The recognition memory test started with the onset of the central fixation dot. Subjects initiated each test trial with a button press on the gamepad. After initiating each trial, they were instructed to maintain central fixation without blinking until each trial was over. Following a 1250ms blank period after the trial was initiated, a picture of a real-world object was presented at the center of the screen, with new and old pictures randomly interleaved. After the picture had been presented for 1250ms, a blue and a red dot appeared, with one dot on each side of the picture. At this point, subjects indicated whether they remembered seeing this picture during the study phase. The position of the red dot indicated the side of the buttons on the gamepad to hit if they remembered seeing the picture, and the blue dot indicated the buttons to hit if they did not. For instance, if they remembered seeing the picture with 100% confidence, then they were instructed to hit the outmost button on the gamepad indicated by the spatial position of the red dot (e.g., the left side of the gamepad in the example trial shown in Fig. 1). If they were less confident about having seen the picture, they hit the other two buttons on the red side to indicate the varying degree of confidence (the middle button for 80% confidence, and the inner button for 60% confidence). If they thought that they had not seen the picture during the encoding task with 100% certainty, they were instructed to press the outmost button on the side of the gamepad indicated by the position of the blue dot, and so forth. The sides of the red and blue dots are randomized from trial to trial.1 After the response, the trial was over and the subjects were provided with a self-paced interval to rest their eyes and blink. Subjects were tested on 500 studied pictures and 250 new pictures.
The EEG was recorded using a right-mastoid reference, re-referenced offline to the average of the left and right mastoids. We used the 10–20 electrode sites (Fz, Cz, Pz, F3, F4, C3, C4, P3, P4, PO3, PO4, O1, O2, T3, T4, T5 and T6) and a pair of custom sites, OL (halfway between O1 and OL) and OR (halfway between O2 and OR). Eye movements were monitored using electrodes placed 1cm lateral to the external canthi for horizontal movement and an electrode placed beneath the right eye for blinks and vertical eye movements. The signals were amplified with a gain of 20,000, a bandpass of 0.01–100hz, and digitized at 250hz. Trials accompanied by horizontal eye movements (> 30uV mean threshold across observers) or eye blinks (> 75uV mean threshold across observers) were rejected before further analyses.
To measure the ERPs preceding memory encoding, we time-locked to the button-press response that initiated a trial and examined the waveforms recorded during a time window from −1250ms to 0ms relative to the onset of the picture. These epoched EEG segments were baseline corrected to the mean EEG amplitude measured −400–0ms prior to the beginning of the measurement epoch of interest.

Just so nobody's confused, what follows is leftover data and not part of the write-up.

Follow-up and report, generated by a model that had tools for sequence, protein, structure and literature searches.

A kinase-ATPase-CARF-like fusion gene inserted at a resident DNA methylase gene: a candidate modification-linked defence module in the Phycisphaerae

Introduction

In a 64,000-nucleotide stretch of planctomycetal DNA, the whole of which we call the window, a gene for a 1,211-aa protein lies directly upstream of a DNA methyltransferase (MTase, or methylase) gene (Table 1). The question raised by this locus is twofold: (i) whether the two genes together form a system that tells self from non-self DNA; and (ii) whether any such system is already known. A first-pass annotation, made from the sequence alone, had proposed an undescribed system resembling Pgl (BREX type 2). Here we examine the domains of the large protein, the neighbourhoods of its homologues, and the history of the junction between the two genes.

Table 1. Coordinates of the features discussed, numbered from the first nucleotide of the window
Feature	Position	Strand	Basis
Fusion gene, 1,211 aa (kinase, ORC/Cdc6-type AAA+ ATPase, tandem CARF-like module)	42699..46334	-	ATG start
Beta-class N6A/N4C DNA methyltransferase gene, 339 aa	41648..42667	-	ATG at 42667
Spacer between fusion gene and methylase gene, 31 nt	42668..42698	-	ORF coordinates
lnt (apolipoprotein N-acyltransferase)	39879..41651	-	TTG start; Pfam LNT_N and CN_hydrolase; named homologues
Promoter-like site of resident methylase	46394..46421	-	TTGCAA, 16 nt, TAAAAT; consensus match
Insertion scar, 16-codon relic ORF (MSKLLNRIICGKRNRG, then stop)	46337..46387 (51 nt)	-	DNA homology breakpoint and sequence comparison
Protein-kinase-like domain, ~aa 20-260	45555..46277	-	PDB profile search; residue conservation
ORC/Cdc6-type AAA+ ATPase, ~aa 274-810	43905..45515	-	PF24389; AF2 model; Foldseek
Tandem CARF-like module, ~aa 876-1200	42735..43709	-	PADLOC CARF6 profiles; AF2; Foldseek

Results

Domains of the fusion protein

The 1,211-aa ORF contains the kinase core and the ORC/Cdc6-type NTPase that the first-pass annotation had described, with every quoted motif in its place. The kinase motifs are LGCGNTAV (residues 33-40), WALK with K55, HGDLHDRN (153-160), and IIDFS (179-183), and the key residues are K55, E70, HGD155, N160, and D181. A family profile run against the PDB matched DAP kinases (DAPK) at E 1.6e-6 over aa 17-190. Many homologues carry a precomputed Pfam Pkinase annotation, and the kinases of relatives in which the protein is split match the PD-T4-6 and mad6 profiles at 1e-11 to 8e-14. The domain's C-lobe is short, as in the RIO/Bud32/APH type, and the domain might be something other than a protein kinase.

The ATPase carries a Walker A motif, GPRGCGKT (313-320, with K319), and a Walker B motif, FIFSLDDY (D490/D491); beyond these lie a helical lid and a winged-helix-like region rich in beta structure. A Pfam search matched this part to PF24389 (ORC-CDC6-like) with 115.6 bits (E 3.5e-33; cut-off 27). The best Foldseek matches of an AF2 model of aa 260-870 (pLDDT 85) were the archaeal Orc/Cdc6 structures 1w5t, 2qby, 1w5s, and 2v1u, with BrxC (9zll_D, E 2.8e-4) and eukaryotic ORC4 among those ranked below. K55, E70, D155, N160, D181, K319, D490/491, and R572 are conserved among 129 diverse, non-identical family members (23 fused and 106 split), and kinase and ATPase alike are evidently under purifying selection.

To examine EEG activity during memory encoding, we time-locked to the onset of memory stimuli and examined the EEG recording during a time window from 0ms to 1250ms following the onset of each memory stimulus. These epoched EEG segments were baseline corrected to the mean EEG amplitude −400–0ms relative to the stimulus onset. For presentation purposes, we needed to concisely summarize the relationship between our electrophysiological measures and behavior. As a result, the epoched pre-encoding and encoding signals were binned and averaged based on the recognition performance in the memory test. More precisely, the EEG activity recorded as the subjects viewed the items that were later recognized with 100% confidence were binned as high confidence hit trials (High Confidence), and those recorded as the subjects viewed the items that were later recognized at lower confidence levels (80% and below) were binned as low confidence hit trials (Low Confidence). The EEG segments recorded as the subjects viewed the items that were later missed were binned as miss trials (Miss). As described below, these binned averages also allowed us to confirm that our findings replicate previous reports of the traditional mean amplitudes across these types of trials.
To examine the oscillatory responses, we measured frequency content during the same pre-encoding and encoding epochs described above on a trial-by-trial basis. The spectral decomposition with a fixed window size of 400ms and a window overlap of 380ms was performed in MATLAB (spectrogram.m) for each single-trial EEG epoch to obtain the time-frequency representation of the signal. Then, the resultant time-frequency representation for each epoch was sorted into the appropriate High Confidence, Low Confidence, or Miss bin.
For studied objects, participants recognized 63% of the stimuli with 100% confidence (High Confidence) and 14% of the stimuli at or below 80% confidence (Low Confidence). Participants failed to recognize the remaining 23% of the stimuli (Miss). They successfully rejected 76% of new objects that they had not studied during the encoding phase. Table 1 reports the proportions of trials used to derive the receiver operating characteristic (ROC) curves in this experiment. The mean area under the ROC curve (AUC) was 0.82. These results demonstrate that, on average, subjects performed the memory task accurately.